The Korean Peninsula appears divided in what some analysts call a “new cold war” as US-China tensions escalate over issues ranging from COVID-19 to Hong Kong. Washington’s new China strategy prompted Pyongyang to voice its alignment with China while heightening Seoul’s dilemma of choosing sides. As the North Korean economy suffered the combined effects of ongoing sanctions, the global pandemic, and severe weather, a leaked UN report in August sharpened international criticism of China’s sanctions enforcement. The region’s current domestic political priorities reinforce Beijing, Seoul, and Washington’s trilemma over alternative approaches to DPRK denuclearization.
BY JUNE TEUFEL DREYER, UNIVERSITY OF MIAMI
Major concerns in this period centered around the future of Sino-Japanese relations in the post-Abe era, with most analysts predicting that there would be little change. China’s impressive, though credit-fueled, rebound from the coronavirus pandemic as Japan’s economy sharply contracted indicate that Tokyo will seek to maximize trade with the PRC. Xi Jinping’s long-awaited state visit to Japan is on indefinite hold, with concern for the pandemic a convenient explanation for underlying multiparty opposition due to Beijing’s assertive actions in contested areas and its repressive measures in Hong Kong and Xinjiang. Differences of opinion remain on the wording of a so-called 4th Sino-Japanese Communique that is much desired by Beijing.
JI-YOUNG LEE, AMERICAN UNIVERSITY
Twin decisions—South Korea’s Supreme Court ruling on forced labor during Japan’s occupation of the Korean Peninsula and Japan’s export restrictions on key materials used for South Korea’s electronics industry—planted the seeds of discord and deterioration of bilateral ties during the summer months of 2020. In June, the Daegu District Court released a public notice to Nippon Steel to seize and liquidate the local assets of the company. In response to Japan’s imposition of export controls in 2019, South Korea filed a complaint with the World Trade Organization. This downward spiral will likely continue for the remainder of the year unless South Korea and Japan take decisive action to address these disputes. On the North Korea front, Japan’s newly published Defense of Japan 2020 assessed North Korea’s nuclear and missile capabilities as posing greater threats to Japanese national security than previous years.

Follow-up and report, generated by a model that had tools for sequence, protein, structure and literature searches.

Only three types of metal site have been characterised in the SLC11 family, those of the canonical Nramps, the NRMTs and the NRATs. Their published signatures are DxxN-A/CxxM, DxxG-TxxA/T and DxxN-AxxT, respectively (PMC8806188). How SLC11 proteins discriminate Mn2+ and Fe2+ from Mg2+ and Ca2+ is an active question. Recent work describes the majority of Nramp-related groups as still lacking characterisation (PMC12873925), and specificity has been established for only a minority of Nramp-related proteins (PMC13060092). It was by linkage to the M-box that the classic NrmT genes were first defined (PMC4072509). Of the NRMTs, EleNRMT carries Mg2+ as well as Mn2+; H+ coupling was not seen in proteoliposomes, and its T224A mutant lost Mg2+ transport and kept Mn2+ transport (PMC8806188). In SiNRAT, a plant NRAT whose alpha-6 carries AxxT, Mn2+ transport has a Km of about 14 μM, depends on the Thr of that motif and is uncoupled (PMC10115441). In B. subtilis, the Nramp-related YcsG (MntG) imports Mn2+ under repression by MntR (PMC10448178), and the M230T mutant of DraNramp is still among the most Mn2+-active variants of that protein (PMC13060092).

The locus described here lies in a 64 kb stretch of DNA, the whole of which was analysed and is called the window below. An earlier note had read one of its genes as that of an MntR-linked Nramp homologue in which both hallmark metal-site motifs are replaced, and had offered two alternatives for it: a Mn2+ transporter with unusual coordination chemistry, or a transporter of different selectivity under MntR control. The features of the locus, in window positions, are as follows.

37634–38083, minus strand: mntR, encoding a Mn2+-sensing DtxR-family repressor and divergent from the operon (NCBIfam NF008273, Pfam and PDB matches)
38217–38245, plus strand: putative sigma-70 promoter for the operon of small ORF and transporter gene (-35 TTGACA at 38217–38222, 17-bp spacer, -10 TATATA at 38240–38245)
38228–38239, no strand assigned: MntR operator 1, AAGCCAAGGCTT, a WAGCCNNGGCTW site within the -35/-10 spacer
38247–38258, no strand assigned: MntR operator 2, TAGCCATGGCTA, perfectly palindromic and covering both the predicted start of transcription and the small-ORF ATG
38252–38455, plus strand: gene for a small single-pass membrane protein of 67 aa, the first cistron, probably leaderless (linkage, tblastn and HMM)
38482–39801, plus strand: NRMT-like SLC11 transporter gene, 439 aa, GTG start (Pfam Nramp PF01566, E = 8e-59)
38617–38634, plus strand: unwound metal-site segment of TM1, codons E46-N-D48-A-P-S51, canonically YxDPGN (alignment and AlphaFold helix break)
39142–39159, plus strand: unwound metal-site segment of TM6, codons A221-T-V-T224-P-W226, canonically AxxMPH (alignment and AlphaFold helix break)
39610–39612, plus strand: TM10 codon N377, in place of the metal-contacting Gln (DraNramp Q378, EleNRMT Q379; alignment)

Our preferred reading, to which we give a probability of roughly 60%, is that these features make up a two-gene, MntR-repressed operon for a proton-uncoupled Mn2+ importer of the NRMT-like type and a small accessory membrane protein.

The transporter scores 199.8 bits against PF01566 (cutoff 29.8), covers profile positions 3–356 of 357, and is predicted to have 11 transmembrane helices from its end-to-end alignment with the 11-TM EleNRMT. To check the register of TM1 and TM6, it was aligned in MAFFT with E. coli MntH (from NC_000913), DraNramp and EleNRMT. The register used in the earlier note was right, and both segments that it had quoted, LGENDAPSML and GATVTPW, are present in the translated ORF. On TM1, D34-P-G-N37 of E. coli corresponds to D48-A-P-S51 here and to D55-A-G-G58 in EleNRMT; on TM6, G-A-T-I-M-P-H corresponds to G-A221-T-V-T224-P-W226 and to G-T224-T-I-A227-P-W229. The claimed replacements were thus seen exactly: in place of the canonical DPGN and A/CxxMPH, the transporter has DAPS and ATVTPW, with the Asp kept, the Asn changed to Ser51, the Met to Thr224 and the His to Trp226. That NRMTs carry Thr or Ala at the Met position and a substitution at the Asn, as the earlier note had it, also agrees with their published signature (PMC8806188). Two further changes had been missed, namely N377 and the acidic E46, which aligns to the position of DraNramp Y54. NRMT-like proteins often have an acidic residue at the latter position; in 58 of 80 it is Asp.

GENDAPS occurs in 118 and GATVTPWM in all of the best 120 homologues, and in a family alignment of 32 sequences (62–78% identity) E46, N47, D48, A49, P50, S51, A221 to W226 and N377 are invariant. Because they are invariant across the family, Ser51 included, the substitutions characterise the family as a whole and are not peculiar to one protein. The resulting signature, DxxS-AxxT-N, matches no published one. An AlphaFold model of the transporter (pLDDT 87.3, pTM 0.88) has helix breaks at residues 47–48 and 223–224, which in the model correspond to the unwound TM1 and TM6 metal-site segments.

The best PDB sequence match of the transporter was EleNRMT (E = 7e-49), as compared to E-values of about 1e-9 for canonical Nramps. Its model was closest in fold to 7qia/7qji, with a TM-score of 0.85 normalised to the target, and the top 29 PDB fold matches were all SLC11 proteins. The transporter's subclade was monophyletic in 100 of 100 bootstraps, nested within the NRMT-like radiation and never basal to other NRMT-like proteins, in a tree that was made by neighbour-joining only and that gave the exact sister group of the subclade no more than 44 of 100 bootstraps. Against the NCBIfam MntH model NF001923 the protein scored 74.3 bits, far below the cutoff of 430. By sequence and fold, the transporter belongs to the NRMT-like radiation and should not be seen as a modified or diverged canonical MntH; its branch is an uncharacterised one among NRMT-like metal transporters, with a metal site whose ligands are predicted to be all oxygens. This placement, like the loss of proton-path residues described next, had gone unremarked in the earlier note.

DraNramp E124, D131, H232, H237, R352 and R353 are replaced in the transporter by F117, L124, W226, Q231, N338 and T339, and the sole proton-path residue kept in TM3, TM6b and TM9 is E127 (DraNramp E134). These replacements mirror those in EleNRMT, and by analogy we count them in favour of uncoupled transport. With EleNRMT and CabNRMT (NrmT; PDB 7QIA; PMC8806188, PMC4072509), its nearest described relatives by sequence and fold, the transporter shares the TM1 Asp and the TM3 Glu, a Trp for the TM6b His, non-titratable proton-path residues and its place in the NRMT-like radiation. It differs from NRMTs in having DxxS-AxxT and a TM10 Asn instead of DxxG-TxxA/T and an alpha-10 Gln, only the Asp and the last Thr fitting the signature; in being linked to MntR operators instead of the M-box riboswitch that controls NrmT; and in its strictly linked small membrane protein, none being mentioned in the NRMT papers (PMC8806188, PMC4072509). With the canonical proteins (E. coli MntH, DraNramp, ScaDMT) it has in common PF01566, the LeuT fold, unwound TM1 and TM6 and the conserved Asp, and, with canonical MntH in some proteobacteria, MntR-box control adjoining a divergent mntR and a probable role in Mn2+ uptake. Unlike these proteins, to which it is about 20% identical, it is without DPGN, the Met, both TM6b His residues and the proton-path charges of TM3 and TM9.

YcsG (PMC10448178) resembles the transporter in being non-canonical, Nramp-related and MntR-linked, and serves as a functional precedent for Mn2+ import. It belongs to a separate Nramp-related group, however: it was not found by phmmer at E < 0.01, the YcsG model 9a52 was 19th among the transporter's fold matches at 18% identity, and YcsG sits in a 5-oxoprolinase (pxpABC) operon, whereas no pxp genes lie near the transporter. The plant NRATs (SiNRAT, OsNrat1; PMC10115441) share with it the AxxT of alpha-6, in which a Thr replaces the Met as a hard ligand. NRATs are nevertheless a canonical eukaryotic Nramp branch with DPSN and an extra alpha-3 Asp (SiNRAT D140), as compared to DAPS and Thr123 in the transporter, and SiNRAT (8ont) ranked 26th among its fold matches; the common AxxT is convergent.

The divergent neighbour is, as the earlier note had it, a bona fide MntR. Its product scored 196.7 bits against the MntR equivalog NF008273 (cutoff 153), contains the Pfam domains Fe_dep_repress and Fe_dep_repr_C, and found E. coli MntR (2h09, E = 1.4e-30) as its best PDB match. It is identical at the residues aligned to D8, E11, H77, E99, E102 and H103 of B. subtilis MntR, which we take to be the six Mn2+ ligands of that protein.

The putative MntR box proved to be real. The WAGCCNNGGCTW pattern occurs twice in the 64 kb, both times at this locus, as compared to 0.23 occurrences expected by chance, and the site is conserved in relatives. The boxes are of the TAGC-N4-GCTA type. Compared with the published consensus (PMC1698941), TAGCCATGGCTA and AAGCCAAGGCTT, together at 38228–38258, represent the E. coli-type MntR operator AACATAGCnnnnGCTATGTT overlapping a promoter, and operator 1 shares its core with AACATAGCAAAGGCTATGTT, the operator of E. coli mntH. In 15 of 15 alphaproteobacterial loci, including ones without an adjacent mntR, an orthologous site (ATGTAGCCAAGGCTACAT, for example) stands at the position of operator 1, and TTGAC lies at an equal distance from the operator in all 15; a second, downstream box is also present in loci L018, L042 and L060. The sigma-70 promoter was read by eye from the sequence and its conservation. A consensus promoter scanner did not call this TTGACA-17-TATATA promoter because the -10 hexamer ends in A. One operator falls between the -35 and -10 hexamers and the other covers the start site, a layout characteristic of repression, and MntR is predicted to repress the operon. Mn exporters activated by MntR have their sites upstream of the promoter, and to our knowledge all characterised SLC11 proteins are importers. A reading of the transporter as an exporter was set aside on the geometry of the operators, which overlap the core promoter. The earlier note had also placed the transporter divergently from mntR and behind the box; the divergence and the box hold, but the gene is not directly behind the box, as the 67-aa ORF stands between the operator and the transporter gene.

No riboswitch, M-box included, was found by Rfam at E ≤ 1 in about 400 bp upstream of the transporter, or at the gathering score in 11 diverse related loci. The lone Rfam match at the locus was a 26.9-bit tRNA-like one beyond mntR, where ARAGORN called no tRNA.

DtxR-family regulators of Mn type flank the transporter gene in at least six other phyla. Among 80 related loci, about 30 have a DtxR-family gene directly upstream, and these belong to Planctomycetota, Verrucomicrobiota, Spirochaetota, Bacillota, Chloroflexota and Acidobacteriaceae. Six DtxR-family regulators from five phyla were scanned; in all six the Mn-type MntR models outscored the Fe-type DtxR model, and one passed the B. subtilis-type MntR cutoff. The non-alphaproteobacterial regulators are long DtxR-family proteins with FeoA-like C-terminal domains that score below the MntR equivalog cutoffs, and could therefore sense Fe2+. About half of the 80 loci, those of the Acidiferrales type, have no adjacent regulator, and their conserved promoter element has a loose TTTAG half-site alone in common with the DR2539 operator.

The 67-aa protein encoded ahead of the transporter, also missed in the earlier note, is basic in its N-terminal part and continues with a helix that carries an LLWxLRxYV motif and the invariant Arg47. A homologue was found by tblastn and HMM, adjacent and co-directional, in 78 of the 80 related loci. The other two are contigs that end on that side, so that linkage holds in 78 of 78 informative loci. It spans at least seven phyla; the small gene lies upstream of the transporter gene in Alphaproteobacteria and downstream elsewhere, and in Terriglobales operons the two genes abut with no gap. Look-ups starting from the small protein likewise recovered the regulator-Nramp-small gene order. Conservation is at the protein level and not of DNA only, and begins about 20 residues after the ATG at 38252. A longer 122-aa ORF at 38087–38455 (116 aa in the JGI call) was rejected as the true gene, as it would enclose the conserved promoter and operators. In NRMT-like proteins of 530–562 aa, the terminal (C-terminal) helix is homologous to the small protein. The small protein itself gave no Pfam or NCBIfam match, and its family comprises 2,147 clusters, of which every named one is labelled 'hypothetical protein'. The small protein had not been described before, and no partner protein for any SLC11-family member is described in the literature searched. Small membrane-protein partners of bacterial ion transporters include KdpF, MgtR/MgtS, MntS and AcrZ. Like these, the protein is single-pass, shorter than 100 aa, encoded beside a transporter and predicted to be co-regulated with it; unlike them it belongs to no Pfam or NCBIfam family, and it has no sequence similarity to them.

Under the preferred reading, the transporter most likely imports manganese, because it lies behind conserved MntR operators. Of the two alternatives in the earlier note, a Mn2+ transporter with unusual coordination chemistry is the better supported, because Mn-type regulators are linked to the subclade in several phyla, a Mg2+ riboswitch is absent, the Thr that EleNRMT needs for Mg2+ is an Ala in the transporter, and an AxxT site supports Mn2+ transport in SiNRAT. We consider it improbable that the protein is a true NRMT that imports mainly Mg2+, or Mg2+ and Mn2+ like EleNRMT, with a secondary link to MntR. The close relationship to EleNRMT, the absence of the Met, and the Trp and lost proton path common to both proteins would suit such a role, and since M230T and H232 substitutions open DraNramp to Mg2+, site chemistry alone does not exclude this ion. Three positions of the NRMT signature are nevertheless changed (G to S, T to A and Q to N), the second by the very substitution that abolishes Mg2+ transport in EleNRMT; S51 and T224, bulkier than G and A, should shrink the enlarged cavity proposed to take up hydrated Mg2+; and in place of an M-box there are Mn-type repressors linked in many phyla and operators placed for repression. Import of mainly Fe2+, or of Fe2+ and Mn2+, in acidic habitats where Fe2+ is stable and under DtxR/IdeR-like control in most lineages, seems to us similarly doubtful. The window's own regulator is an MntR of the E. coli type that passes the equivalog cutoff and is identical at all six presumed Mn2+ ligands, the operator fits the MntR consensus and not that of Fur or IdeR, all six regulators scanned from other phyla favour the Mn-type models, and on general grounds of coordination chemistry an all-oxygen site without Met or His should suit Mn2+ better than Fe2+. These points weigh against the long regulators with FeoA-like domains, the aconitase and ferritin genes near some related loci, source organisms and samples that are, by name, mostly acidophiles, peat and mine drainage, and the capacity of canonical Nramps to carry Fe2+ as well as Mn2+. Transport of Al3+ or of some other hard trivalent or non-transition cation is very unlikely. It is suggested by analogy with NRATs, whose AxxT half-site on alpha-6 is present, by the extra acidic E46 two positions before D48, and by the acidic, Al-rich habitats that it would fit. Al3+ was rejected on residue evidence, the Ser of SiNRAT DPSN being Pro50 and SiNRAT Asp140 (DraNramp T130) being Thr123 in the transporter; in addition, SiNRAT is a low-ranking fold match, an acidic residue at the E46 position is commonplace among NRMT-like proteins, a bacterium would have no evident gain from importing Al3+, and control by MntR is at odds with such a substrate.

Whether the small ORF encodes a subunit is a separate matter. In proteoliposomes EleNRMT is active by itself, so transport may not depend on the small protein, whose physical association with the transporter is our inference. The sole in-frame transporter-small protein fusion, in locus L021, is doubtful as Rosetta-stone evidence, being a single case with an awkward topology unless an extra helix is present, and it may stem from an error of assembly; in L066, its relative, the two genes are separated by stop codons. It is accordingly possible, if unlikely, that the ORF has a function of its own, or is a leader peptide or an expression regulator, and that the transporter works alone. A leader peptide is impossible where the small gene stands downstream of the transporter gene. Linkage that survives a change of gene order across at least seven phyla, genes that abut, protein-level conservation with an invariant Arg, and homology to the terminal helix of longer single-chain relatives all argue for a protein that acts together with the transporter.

BY YU BIN, WITTENBERG UNIVERSITY
China and Russia found themselves entangled in two separate triangular dynamics with the US and India. Russia, however, found itself in a curiously pivotal position within the two geopolitical triangles: an “innocent” bystander in the Beijing-New Delhi-Moscow trio and a useful, delicate balancer in the Washington-Beijing duel. Between its strategic partner (China) and persistent yet unrequited courter (the Trump administration), Russia carefully played its cards from a position of strategic weakness. By end of summer, the US-China-Russia triangle made its way into the US 2020 presidential elections as presidential candidates played the “Russia” and “China” cards. No matter who wins the 2020 US election, the stakes are high for China and Russia.
BY GRAEME DOBELL, AUSTRALIAN STRATEGIC POLICY INSTITUTE
Challenged by COVID-19 and China, Australia confronts deteriorating strategic prospects and its first economic recession in nearly 30 years. The pandemic has worsened strained relations between Australia and China. Canberra’s call for an inquiry into the origins of COVID-19 was attacked by Beijing as a betrayal and Chinese trade retaliation has followed. Even before the pandemic hit, Australia talked of a “new normal” with China of “enduring differences.” Whatever the US election result, the phrase “new normal” is also being applied to changes wrought by President Trump. The US alliance is hugged anew as Canberra abandons a central strategic tenet it has held for 50 years—the idea that Australia would have 10 years warning of any direct military threat.